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Wine output across the world saw a year-on-year surge of 17 percent in 2018 to reach the highest level in 15 years, beating the most optimistic forecasts, a report by the International Organization for Vine and Wine (OIV) shows.

According to the estimates by the Paris-based agency, global production of wine last year reached 292.3 million hectoliters (29.230 million liters) – the equivalent of about 39 billion bottles. The increased output exceeded the group’s October projections due to higher-than-expected output in Italy, France, and Spain.

Italy retained the position as the world’s largest winemaker with the volume of production surging nearly 29 percent thanks to excellent climatic conditions compared to 2017, when unfavorable weather dragged wine output across Europe down 8.6 percent.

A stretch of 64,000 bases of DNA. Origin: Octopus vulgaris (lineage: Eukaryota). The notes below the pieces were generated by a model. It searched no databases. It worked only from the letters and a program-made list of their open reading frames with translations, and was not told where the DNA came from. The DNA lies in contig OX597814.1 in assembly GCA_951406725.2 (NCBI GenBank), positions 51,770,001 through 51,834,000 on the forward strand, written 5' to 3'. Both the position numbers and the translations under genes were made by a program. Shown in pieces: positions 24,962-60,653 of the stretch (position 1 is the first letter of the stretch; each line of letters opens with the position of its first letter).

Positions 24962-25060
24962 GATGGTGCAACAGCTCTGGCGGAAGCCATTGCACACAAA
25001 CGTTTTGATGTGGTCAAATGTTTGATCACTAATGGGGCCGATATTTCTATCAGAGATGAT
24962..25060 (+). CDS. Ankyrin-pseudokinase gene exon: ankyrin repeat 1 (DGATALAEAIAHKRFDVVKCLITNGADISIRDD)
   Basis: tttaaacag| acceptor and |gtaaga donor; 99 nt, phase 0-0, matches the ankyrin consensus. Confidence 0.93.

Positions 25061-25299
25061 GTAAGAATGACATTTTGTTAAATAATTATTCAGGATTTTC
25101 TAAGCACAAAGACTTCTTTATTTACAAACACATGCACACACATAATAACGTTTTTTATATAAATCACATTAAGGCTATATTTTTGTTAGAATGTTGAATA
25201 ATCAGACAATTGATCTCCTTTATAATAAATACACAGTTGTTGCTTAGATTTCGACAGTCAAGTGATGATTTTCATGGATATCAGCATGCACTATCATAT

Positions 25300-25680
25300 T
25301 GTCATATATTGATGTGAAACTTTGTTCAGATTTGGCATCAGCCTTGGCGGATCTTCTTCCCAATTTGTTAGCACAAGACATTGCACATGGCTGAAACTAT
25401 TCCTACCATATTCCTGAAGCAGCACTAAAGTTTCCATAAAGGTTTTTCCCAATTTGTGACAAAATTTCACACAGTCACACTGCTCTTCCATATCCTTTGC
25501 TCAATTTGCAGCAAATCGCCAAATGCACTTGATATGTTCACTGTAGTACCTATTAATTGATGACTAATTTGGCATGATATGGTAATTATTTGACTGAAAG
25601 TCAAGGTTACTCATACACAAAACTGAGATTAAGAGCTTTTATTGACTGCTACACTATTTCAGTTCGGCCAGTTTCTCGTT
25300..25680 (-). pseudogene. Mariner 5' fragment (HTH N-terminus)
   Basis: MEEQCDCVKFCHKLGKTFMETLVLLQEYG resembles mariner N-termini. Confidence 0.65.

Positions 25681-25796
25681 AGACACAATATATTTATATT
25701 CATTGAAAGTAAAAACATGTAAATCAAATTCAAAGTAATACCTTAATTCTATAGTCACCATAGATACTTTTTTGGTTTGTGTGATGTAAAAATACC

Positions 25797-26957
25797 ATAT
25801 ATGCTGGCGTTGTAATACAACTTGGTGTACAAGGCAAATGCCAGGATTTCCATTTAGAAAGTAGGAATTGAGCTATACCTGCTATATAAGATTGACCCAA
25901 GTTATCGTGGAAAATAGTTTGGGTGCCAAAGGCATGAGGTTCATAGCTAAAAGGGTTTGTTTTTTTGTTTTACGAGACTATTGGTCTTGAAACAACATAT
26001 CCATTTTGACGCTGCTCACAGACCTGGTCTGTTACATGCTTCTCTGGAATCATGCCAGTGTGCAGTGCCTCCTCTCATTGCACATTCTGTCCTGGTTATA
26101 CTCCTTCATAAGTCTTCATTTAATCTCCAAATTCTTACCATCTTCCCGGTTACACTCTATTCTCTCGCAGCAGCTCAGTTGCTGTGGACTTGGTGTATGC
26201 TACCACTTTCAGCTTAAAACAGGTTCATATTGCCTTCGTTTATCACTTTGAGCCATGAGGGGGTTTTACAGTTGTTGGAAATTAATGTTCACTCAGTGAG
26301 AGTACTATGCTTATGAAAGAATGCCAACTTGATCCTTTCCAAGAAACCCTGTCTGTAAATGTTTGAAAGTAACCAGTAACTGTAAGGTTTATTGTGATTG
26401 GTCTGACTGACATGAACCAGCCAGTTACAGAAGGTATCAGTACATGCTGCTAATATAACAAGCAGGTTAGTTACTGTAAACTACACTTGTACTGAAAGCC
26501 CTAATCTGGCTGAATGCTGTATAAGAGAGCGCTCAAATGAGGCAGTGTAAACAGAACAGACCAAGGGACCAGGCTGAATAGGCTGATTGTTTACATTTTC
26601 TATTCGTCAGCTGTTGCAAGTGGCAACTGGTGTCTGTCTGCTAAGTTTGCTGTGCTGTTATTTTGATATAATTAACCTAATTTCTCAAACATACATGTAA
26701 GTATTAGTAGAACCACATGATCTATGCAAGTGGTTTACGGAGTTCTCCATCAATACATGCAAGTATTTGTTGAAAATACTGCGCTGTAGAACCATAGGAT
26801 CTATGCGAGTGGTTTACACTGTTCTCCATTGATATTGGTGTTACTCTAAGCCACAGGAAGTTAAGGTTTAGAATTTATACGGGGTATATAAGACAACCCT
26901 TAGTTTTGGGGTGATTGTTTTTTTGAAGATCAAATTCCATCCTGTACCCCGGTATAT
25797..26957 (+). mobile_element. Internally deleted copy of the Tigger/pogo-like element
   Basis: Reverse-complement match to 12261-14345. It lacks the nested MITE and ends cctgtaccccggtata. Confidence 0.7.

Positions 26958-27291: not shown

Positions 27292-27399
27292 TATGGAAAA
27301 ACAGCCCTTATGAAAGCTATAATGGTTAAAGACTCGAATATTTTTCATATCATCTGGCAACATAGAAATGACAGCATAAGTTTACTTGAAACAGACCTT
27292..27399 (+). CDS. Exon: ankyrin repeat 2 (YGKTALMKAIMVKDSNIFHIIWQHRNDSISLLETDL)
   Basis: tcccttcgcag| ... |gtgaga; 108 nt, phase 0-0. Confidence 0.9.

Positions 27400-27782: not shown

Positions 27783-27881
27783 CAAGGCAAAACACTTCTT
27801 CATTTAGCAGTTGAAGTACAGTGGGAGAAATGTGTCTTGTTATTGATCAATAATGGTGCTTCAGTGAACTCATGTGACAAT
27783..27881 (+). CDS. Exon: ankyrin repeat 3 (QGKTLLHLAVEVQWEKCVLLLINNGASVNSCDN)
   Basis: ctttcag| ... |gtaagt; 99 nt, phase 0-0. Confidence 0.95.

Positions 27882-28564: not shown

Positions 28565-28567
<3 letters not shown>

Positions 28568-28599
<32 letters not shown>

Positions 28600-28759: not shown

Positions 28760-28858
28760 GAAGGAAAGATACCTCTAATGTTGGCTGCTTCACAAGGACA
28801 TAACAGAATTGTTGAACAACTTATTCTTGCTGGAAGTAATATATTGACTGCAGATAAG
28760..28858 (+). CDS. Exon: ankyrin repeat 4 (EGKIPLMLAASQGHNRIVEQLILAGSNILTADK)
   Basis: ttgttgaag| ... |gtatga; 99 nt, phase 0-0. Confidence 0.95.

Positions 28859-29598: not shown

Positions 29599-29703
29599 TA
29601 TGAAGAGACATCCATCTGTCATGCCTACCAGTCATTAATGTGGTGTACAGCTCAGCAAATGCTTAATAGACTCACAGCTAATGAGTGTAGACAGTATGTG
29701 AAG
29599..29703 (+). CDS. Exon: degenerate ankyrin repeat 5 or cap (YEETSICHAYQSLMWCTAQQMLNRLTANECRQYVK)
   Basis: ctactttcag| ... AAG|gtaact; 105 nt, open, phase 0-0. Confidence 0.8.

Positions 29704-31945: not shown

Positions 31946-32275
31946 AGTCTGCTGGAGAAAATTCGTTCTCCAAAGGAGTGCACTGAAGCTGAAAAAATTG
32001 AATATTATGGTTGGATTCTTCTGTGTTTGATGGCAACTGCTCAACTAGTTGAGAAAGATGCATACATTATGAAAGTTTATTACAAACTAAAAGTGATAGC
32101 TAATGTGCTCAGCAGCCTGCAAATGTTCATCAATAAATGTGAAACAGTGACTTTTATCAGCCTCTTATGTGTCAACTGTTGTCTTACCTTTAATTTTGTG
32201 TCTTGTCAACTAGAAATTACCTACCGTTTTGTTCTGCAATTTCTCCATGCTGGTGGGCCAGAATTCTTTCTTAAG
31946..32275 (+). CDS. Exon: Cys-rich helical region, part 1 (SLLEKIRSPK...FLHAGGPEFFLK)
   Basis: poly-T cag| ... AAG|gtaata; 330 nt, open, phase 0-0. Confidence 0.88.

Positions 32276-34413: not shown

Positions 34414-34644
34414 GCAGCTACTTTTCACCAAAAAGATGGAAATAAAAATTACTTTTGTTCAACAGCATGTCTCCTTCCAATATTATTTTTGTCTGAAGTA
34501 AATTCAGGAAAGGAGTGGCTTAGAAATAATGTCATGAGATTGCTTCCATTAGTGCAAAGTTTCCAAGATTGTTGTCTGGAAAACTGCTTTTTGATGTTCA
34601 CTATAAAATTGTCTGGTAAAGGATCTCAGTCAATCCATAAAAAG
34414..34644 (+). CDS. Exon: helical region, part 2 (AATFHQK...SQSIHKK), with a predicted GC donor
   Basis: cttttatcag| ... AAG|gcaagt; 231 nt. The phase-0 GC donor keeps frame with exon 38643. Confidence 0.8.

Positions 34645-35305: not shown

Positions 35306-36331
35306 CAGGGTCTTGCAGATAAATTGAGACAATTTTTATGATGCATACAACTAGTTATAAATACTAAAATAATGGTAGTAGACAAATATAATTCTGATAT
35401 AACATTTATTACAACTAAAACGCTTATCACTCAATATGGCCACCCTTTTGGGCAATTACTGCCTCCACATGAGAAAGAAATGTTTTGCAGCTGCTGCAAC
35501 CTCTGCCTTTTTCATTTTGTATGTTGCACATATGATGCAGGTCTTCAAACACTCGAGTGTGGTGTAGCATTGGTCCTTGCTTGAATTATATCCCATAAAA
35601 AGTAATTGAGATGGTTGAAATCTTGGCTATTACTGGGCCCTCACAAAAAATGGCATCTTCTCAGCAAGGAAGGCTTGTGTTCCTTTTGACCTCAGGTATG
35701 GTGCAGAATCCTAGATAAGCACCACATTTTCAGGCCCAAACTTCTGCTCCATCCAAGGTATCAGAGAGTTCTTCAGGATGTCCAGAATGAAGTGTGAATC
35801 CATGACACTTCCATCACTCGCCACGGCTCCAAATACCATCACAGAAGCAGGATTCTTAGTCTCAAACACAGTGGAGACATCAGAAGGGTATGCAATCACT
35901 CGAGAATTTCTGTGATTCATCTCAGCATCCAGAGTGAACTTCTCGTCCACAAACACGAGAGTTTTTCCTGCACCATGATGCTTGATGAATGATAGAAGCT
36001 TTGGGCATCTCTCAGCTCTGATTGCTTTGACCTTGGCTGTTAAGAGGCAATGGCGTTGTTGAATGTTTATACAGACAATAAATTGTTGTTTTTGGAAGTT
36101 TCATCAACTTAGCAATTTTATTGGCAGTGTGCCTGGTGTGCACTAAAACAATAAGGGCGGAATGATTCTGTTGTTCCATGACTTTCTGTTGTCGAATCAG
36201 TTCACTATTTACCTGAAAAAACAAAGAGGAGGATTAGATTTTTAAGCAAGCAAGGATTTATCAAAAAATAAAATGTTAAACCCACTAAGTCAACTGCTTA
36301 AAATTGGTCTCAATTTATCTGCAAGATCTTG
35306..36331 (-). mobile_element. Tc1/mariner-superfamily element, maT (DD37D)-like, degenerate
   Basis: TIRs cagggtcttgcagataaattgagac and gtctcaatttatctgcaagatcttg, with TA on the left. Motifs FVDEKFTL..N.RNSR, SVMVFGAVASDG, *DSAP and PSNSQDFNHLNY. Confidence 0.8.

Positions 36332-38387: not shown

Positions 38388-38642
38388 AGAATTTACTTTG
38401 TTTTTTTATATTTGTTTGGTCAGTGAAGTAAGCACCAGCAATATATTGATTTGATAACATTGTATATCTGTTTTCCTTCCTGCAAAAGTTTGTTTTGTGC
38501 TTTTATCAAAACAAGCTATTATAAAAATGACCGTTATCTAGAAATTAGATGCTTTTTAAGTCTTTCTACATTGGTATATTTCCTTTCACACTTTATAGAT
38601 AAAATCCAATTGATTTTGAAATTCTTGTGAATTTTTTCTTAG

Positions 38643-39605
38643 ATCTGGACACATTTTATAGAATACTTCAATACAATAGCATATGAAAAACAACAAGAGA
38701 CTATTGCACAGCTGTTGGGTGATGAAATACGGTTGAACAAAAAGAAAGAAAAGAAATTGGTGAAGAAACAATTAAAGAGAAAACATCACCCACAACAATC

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French wine-makers saw a nearly 35 percent growth in wine production, while Spain’s output grew by about 37 percent. At the same time, Spain became the world’s biggest exporter of wine in terms of volume, selling 20.9 million hectoliters. France was the leading exporter in monetary terms with €9.3 billion ($12.1bn) worth of wine sold abroad.
The value of global wine exports rose 1.2 percent to €31 billion ($35 billion) in 2018, according to the OIV’s director general Pau Roca.

When it comes to demand, the US consumed a record volume of wine that totaled 33 million hectoliters. France became the second biggest consumer of wine, reaching 26.8 million hectoliters. However, the US landed in 20th position in terms of consumption per capita with Portugal the leader.

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